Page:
Crazy Cars – Hit the Road
Platforms: iPhone (reviewed), iPod Touch, iPad
Release Date: November 7, 2012
Price: $2.99 (HERE)
The App Store is no stranger to portable racing games. Whether it’s titles like the annual Asphalts or the iOS-ification of the latest Need for Speed, we’ve enjoyed our fair share of good racing experiences on our little iDevices, especially arcade-racing experiences. Nothing quite feels as “popcorn” a racing experience as the now-default tilt controls.
Crazy Cars – Hit the Road tries to bring back some of the nostalgic arcade goodness with an iOS re-imagining of Titus Interactive’s classic Crazy Car franchise. Is this a blast from the past, or is this a moth-ball ridden patchwork that’s serves no more practical purpose?
Here’s the answer: it is a moth-ball ridden patchwork that’s serves no more practical purpose.
You can tell this is a game based on replicating the experience of a franchise that dates back to 1988. Everything from the design decisions, to the way the game controls, to the technical aspects scream of a game that’s just about a decade behind everything else on the market.
The first, and most blatantly annoying gripe, is the lack of accurate sensitivity when it comes to steering with the tilt controls. In a racing game this is absolutely unforgivable. Thank God this isn’t Mario Kart and the race tracks generally have walls to keep you from falling to your death because this would be a super common problem for anyone playing the game. There is, simply put, no way to accurately turn your car around a tight corner, navigate properly onto one of the trucks that serve as jumping ramps, or steer your car with any sense of control.
This isn’t helped by the game’s wonky crash system. There were some hilariously obvious collisions that the game chalked up to “close thing”s and there was some very unlikely stuff that ended up resetting my car – not the least of which was landing on another car during a jump. I’m fairly certain that would pancake the care beneath me, not send me spinning out as if I’d just been rear-ended.
The game features three modes. Career mode is only different from Free Run mode in that you can’t choose the map and you can earn cash to spend in the game’s Garage Mode. That mode lets you deck out your car with new rims, engine tune-ups, and the like. While the idea is a good one, I was winning races before upgrading my car and I didn’t notice that they actually made any tremendous difference.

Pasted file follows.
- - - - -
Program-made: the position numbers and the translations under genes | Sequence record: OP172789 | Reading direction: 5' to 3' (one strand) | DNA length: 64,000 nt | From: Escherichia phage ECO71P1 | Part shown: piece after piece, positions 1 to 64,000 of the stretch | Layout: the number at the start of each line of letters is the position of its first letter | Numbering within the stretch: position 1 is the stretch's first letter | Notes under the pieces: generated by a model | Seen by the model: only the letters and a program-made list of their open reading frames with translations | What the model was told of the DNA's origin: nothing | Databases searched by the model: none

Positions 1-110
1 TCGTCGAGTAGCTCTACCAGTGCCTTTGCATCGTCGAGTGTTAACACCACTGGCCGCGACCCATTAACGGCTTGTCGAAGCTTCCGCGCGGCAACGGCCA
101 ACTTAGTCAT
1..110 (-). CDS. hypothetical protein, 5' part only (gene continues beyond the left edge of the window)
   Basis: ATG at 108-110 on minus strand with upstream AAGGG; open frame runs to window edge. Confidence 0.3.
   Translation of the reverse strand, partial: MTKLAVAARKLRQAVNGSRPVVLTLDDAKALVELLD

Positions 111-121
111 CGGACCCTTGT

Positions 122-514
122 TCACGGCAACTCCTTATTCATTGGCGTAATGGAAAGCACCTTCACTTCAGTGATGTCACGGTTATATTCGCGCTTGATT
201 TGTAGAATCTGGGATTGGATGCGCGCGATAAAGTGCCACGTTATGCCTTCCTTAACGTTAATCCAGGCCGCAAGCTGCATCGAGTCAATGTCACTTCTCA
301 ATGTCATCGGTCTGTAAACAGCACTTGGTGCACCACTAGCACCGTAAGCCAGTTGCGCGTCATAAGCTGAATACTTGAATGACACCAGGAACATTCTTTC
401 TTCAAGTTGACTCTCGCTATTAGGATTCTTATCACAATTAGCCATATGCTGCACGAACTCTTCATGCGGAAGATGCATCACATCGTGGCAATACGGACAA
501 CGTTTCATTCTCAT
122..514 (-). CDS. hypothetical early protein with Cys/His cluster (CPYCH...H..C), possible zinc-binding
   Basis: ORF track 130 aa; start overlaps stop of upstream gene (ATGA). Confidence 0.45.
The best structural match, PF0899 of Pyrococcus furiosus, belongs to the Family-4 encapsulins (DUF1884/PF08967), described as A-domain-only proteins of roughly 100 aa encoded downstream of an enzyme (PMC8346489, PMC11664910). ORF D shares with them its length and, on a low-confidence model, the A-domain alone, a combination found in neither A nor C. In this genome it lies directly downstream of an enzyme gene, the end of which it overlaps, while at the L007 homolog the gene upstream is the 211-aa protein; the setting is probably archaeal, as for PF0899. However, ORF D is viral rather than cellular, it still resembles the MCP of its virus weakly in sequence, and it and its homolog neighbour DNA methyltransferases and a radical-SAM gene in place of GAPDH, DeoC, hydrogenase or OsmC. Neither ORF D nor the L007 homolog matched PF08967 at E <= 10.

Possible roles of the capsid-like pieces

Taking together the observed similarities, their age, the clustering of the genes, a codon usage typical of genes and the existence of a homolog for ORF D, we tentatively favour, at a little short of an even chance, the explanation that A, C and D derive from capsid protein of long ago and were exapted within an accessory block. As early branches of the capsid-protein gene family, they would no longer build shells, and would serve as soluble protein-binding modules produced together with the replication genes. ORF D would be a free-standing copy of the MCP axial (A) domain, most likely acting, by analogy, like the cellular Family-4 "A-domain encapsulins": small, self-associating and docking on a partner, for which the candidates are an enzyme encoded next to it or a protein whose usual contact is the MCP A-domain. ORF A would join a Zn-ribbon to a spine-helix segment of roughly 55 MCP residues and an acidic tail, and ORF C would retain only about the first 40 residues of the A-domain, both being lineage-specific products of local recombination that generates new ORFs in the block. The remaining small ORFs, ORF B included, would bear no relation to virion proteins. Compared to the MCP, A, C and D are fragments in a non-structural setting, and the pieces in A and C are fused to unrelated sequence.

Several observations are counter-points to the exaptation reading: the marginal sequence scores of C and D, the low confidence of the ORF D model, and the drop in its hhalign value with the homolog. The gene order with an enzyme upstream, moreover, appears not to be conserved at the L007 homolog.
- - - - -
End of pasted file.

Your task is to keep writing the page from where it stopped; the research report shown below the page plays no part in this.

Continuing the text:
However, the idea behind these upgrades is good and you can earn in-game cash in races just by making jumps, drifts, coming close to a crash, etc. That’s a really neat feature as it bucks the arcadey “win or insert a new coin” trend and means that no matter how you perform during a race, you’ll always come out with some extra moolah. It would definitely have kept me coming back if the racing itself was not so poorly implemented.
The presentation of Crazy Cars feels like something out of a late 90’s console game.
Because of that, you could say that this iOS iteration is trying to imitate the look and sound of the old entries in the franchise. That would be a fair comment if the load times weren’t so darned long. That’s especially frustrating when the main menu screen takes five seconds to load.
Asphalt 7 is a beautiful racing game on the exact same platform and it has equivalent load times. But that’s the thing: it’s a beautiful game. Crazy Cars – Hit the Road is not beautiful, and it does not sound up to par on any level. If the sounds don’t cut out that is.
Crazy Cars – Hit the Road could have been an excellently made adaptation of a classic arcade-racing franchise. Instead it seems like it’s just a quick cash-in that’s using the name of an older game to piggyback its way to success.
There is nothing new or original about Crazy Cars, its gameplay is spotty, and it looks worse than spotty. This would have been a good game on the GameBoy Colour ten years ago. It’s a bad one on iOS today.